Kevin Myers: Until you've played rugby with miners' sons, you can't understand the term 'near-death experience'
Memory is a curious thing. I was out walking my dogs in the driving rain and howling wind yesterday, when a spaceship visited me from the distant galaxy of my youth. A panel in the side of the spaceship opened, and I walked aboard. And there, all around me, was a forgotten episode from my early years, unvisited all these decades.
I was playing for Ratcliffe under-16s against Coalville Grammar School. Coalville was -- is -- a small town in Charnwood Forest in Leicestershire. Nearby lie the beautiful villages of Normanton le Heath, Appleby Parva, Norton-Juxta-Twycross and Woodhouse Eves. Coalville is what it says in the name.
When the Romans arrived, its inhabitants hid in the mines until they'd gone. Coalville-folk speak aboriginal Pictish, their faces are usually adorned with a single long eyebrow, and whatever few teeth they possess are usually molars, crowded on to their front gums.
To the boys of Coalville Grammar, Ratcliffe College boys were toffs. Well, we weren't, actually: our fathers had merely not spent their childhoods hacking holes a mile underground. Safe sex in Coalville means you're wearing a collier's hat, and these lads had probably found their way out of the womb with the help of a Davy-lamp and a canary. But they were also grammar-school boys, which meant that they were bright and determined to succeed, whereas the boys of Ratcliffe, being the sons of Irish GPs and modest Catholic businessmen, lacked their hunger.
It was a day such as we've had this week, except that the wind from the North Sea is even colder and harder than the sou'westers that blow off the Atlantic. But both are full of the bitter, sideways rain that few people from outside these islands know. It lashed against us as we trotted out into the long, wet, freezing pre-match misery, in wretchedly thin rugby shirts. What bitter eternities can pass, as you blow on your stiffening, aching fingers, and squint into the rain-filled gale, while goose-bumps for life form on your arms and the idiot-referee loses coin after coin in the centre-field puddle.
Then, finally, the kick-off, at which point we discovered that we were not so much playing with a rugby ball as five solid pounds of slimy clay. The pitch had almost no grass on it, yet though covered in mud, was strangely firm under foot. I was scrumhalf.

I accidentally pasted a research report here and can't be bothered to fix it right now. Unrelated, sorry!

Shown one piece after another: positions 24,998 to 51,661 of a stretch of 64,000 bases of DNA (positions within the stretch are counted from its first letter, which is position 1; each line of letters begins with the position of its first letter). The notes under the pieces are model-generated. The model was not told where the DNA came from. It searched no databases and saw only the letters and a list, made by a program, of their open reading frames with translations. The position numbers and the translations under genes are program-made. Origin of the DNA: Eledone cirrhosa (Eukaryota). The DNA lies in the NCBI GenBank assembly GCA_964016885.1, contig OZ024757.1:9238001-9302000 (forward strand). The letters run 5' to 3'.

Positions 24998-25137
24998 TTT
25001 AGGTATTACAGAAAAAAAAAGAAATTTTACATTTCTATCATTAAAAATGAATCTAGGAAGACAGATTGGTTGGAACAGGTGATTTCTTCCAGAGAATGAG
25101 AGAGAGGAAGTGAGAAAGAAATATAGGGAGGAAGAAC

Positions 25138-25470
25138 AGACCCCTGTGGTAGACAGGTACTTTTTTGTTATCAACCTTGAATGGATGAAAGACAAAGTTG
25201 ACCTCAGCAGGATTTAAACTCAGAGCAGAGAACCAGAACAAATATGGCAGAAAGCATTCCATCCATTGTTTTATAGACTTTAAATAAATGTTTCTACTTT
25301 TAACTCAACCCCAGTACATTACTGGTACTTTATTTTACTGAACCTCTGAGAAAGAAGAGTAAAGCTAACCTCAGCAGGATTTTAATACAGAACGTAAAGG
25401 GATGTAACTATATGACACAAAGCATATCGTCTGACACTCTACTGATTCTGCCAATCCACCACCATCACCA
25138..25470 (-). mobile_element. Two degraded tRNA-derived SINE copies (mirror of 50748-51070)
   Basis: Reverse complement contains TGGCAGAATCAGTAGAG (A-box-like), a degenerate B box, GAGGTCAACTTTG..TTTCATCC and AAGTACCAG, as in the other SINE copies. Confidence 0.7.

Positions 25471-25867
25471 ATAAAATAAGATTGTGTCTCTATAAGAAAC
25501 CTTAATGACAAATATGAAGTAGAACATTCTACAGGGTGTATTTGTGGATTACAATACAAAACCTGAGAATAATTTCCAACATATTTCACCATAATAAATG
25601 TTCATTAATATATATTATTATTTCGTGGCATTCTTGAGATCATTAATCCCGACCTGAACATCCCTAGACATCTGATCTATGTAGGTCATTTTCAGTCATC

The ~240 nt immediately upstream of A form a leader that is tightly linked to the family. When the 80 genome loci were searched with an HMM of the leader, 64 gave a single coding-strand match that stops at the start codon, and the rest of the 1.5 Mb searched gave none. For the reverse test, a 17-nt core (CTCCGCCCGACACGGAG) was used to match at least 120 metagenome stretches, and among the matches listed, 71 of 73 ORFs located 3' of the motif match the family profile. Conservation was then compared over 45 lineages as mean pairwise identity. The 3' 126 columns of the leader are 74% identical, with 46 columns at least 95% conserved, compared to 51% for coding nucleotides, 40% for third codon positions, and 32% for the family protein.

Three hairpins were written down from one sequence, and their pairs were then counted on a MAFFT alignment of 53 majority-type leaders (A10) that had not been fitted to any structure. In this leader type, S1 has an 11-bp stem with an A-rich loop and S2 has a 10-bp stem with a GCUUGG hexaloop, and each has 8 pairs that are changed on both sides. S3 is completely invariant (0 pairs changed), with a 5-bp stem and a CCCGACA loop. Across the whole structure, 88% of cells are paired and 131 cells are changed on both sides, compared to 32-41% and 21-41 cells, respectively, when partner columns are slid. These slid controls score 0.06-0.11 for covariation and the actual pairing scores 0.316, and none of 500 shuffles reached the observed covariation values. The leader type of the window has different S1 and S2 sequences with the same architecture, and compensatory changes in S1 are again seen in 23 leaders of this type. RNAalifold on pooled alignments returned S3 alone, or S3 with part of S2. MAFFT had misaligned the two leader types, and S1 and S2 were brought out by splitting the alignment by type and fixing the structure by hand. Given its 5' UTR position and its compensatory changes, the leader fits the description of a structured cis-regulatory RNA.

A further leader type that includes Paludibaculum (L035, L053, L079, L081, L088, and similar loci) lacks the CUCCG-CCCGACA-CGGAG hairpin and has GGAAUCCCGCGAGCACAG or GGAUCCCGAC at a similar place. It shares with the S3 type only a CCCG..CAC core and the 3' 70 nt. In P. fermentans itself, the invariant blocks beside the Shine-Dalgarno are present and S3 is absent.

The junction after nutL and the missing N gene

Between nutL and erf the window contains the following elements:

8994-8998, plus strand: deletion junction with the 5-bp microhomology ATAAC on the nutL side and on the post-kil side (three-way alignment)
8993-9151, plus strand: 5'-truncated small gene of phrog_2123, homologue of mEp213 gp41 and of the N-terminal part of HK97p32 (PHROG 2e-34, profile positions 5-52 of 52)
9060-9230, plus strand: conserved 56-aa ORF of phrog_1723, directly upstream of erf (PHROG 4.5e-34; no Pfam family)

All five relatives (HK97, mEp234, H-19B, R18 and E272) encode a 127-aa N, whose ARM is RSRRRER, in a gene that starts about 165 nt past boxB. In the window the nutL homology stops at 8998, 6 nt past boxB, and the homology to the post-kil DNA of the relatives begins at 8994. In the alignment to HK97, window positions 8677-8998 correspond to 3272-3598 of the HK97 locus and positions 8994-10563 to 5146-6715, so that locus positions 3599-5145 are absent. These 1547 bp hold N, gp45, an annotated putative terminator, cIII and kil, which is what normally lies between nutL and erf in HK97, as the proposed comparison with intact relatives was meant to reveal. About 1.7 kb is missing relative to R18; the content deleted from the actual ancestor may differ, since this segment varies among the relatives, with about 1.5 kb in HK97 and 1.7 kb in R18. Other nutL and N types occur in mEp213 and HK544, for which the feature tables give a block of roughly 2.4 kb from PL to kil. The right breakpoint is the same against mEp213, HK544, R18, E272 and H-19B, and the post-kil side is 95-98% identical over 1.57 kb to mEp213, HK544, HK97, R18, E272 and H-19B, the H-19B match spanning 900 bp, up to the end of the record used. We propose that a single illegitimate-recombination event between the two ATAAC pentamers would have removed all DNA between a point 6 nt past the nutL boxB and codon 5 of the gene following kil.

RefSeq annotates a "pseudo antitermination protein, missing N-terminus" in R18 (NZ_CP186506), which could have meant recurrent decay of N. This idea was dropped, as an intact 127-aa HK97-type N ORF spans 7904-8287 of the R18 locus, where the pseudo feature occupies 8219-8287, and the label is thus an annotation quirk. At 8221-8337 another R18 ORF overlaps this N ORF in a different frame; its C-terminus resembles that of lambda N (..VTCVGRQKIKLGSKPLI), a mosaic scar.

For our lineouts, the ball would go to our second-row forward, Dave Fletcher, the tallest boy in the team. It being impossible to catch, he would tap it back to me, only for it to slip between my lifeless, blue fingers like a greased cannonball. Whereupon, I would fall on it, and all the forwards would then descend on me. And let me tell you, until you have been rucked off the ball by a half-dozen miners' sons, you cannot possibly know the meaning of the term 'near-death experience'.
So I would fight my way clear of these churning, cobbled boots, and scramble back to the rear of the scrum, waiting for the ball finally to arrive. A dive-pass was the only way to put momentum on this leaden lump of sodden leather, which I accordingly performed. The ball flew about five feet. As I landed, it felt as if two six-inch nails had been hammered through my kneecaps. This was because the pitch consisted of "clinker", a mine-waste usually dumped on to slag-heaps, but here levelled into a playing field, and then covered in a thin layer of turf, which had now been largely dissolved by the rain.
The Coalville boys were bred here, and didn't so much have kneecaps as armadillo-shields, whereas the delicate Ratcliffian leg-joints were soon haemorrhaging warmly. Blood loss I don't mind; pain I do. Not merely were clinker-fragments industriously working their way deep into my cartilage, but every time I hit the ground, I acquired an agonising new brace of near-permanent bruises.
Thus the ritual unfolded: lineout, tap-down, fumble, fall, ruck, miners' boots, near-death, escape, pass to outhalf, break knees, get up again, flounder in the wake of this endlessly repeating cycle of muddy brutality. Half-time, frozen and shuddering, we chewed on Coalville's idea of luxury, quartered marmalade-oranges, while the rain turned the pitch into a chemical marshland of scalding potash and salt-petre: absolutely ideal for open-wounds. In the second half, the sheer tenacity of the Coalville lads -- though much smaller and less experienced -- suggested that pit-pony DNA featured strongly in their pedigrees.
We won 3-0, courtesy of a wholly undeserved penalty. Instead of the usual post-match tea, the Coalville lads cooked the referee in a pot, as a way of saying thank you. We Ratcliffians, meanwhile, slunk off to wash ourselves in the showers, which were apparently drawn from recycled colliers' bathwater, but nicely chilled. We then clambered aboard our coffin-cold bus, and left Coalville, dripping blood, and vowing never to return.
And I didn't, until yesterday. Attend, now: for no matter what terrible events have since befallen me, or ever might befall me, they could never compare with the day we played Coalville Grammar School. Thank you, time-travelling spaceship, for reminding me of an extraordinarily lucky life.